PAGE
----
16S rRNA microbiome analysis
Samples were collected and stored at −80 °C and DNA extraction was carried out as previously described26, with modifications to increase quantitative recovery of bacteria across taxa27. A modified, barcoded Illumina sequencing method28 was used for 16S rRNA gene sequencing. A MiSeq Illumina sequencer in the McMaster Genome Center was used to carry out paired-end reads of the V3 region (using 341F and 518R primers) and 250 nt paired-end sequencing. Data were processed through an in-house bioinformatics pipeline29, producing clustered sequences operational taxonomic units(s) using abundant OTU30, and taxonomic assignments using the RDP classifier31 and the Greengenes training set32. Sequencing produced 8367 OTUs, and a minimum, maximum, and median of 4675, 243597, and 52773 reads/sample respectively.
Using QIIME33, data were rarefied at the lowest sequencing depth for analysis, as previously described26,34. Simpson diversity index and Shannon diversity index were calculated for alpha-diversity analysis, and Jackknife resampling was used to generate Bray-Curtis distances for beta-diversity analysis.
All statistics were performed with GraphPad Prism V7. Outliers were defined as more than 2 standard deviations from the group mean and removed in order to avoid type II error. Main effects and interactions were determined with ANOVA and Dunnett’s and Bonferroni’s post hoc analysis. Data from acute electrophysiology experiments were analyzed by paired t-test. Microbiome data was analyzed with permutational multivariate analysis of variance (PERMANOVA; 999 permutations), Mann-Whitney U tests, and DESeq. 2 (False Discovery Rates, q < 0.05)35. Two-tailed unpaired Student’s t test was used for weights. All significance thresholds were set at p < 0.05.
Ethics approval and consent to participate
All experiments were conducted in accordance with the guidelines of the Canadian Council on Animal Care and were approved by McMaster University’s Animal Research Ethics Board, protocol number 16-12-42.
Feeding SSRI but not NDRI stimulates increased vagal fibre activity in the mesenteric afferent nerve
In order to determine the effects of oral SSRI on the vagus, we recorded action potentials (AP) in vagal afferent fibres from gut jejunal segments removed from mice after ingestion of SSRI for 14 days9. Feeding with either sertraline or fluoxetine significantly decreased the mean interval between vagal spike firings (Fig. 1A), indicating an increase in firing frequency. Measuring firing frequency is a long established index of vagal fibre activity36,37,38. Feeding the NDRI bupropion for the same amount of time, did not change the interval between vagal spike firings as compared to water fed nonsurgical controls. This showed that bupropion was relatively inactive in the stimulation of vagal afferent fibres.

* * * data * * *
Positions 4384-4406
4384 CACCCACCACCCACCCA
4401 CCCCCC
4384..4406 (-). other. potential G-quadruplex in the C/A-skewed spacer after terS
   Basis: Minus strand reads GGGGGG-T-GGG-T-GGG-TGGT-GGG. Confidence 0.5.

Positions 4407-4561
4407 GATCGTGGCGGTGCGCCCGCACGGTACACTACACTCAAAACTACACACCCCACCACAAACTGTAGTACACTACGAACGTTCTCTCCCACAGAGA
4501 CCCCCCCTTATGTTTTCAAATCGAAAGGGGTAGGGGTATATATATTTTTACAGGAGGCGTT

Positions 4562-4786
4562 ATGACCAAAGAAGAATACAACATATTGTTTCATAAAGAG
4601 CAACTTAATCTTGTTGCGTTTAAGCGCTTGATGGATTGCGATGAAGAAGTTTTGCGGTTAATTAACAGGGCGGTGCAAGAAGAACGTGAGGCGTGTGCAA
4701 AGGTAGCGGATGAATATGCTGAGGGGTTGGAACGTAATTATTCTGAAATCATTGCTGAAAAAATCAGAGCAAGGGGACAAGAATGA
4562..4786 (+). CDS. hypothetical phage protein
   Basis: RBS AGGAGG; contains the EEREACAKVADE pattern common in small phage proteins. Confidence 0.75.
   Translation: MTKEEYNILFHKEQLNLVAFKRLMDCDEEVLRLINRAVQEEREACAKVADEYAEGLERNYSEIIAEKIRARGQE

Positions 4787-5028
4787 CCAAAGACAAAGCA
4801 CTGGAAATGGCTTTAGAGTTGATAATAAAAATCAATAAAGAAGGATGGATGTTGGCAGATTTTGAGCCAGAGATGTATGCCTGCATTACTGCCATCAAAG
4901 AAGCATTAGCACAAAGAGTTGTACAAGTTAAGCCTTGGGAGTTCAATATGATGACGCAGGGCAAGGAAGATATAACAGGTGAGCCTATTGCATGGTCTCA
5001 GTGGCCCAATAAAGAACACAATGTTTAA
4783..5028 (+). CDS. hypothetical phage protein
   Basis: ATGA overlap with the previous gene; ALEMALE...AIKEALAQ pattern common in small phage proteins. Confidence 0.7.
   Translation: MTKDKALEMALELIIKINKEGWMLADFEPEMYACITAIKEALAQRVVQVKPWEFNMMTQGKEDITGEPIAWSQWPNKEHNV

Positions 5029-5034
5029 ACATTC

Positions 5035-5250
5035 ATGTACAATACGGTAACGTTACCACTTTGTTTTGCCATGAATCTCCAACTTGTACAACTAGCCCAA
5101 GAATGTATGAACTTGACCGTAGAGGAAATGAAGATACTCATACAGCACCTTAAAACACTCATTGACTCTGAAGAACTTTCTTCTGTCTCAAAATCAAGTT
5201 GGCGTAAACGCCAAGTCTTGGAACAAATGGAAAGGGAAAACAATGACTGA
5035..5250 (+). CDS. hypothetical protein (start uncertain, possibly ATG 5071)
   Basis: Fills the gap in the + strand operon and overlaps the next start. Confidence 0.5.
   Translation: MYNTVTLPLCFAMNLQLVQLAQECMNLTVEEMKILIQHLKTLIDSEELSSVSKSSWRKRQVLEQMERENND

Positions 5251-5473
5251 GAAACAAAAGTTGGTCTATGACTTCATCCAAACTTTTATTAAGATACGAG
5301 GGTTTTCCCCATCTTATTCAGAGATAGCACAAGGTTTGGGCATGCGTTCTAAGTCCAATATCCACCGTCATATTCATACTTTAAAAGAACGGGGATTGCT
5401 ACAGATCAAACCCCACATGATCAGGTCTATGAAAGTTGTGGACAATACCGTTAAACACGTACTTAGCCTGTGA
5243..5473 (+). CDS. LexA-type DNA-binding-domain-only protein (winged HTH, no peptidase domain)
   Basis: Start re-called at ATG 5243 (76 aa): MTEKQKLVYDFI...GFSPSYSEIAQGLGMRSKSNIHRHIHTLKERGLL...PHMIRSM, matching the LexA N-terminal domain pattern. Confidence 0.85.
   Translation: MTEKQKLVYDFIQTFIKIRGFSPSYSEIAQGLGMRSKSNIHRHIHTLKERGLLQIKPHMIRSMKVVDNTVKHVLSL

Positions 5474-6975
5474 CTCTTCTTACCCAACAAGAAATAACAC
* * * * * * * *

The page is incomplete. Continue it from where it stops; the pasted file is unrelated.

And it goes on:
Acute treatment with SSRI but not NDRI increases vagal fibre activity
We then wished to determine if acute luminal administration had the same effects on vagal firing as feeding, we thus perfused jejunal segments of naïve mice with SSRI. The addition of sertraline or fluoxetine directly to the gut lumen in separate preparations significantly reduced the interval between spike firings indicating increased vagal firing rates (Fig. 1B,C), while acute treatment with bupropion did not (Fig. 1D). Thus exposure of the gut to SSRI either via 14 days of feeding or directly and acutely, promoted an increase in the frequency of afferent vagal fibre firing in the mesenteric nerve bundle that carries gut derived signals to the brain. Feeding or direct exposure of the gut to bupropion had no such effect.
SSRI increases excitability of enteric sensory neurons via gut epithelium
To obtain further information on the effects of the SSRI on IPANs of the myenteric plexus we employed a hemidissection model that we have previously described24. In this preparation neurons are exposed on only half of the area of an opened segment of jejunum and are separated by a vertical divider from the continuous full thickness mucosa. The neuronal exposed chamber has had the mucosa and circular muscle removed to allow myenteric plexus neurons to be directly patch clamped. Adding sertraline to the intact epithelium significantly decreased the resting membrane potential (RMP) of IPANs as compared to Krebs (Fig. 2A) however the addition of sertraline directly to exposed neurons did not alter RMP. Similarly, adding sertraline to the mucosal epithelium, but not Krebs, significantly reduced the slow afterhyperpolarization (sAHP) (relative refractory period) in the IPANs. Again, the addition of sertraline directly to exposed neurons had no effect on the sAHP (Fig. 2B). The number of AP generated in response to intracellular injection of depolarizing current at twice threshold intensity significantly increased after sertraline was added to the mucosal epithelium as compared to Krebs, but did not change when added directly to the exposed neurons (Fig. 2C). No differences were observed in either threshold required for AP or in leak conductance (data not shown). We conclude from these experiments that oral SSRI require an intact gut epithelium to effectively signal the vagus via the IPANs in the ENS, albeit through as yet unknown mechanisms.
Oral SSRIs depend on an intact vagus for behavioural effect in mice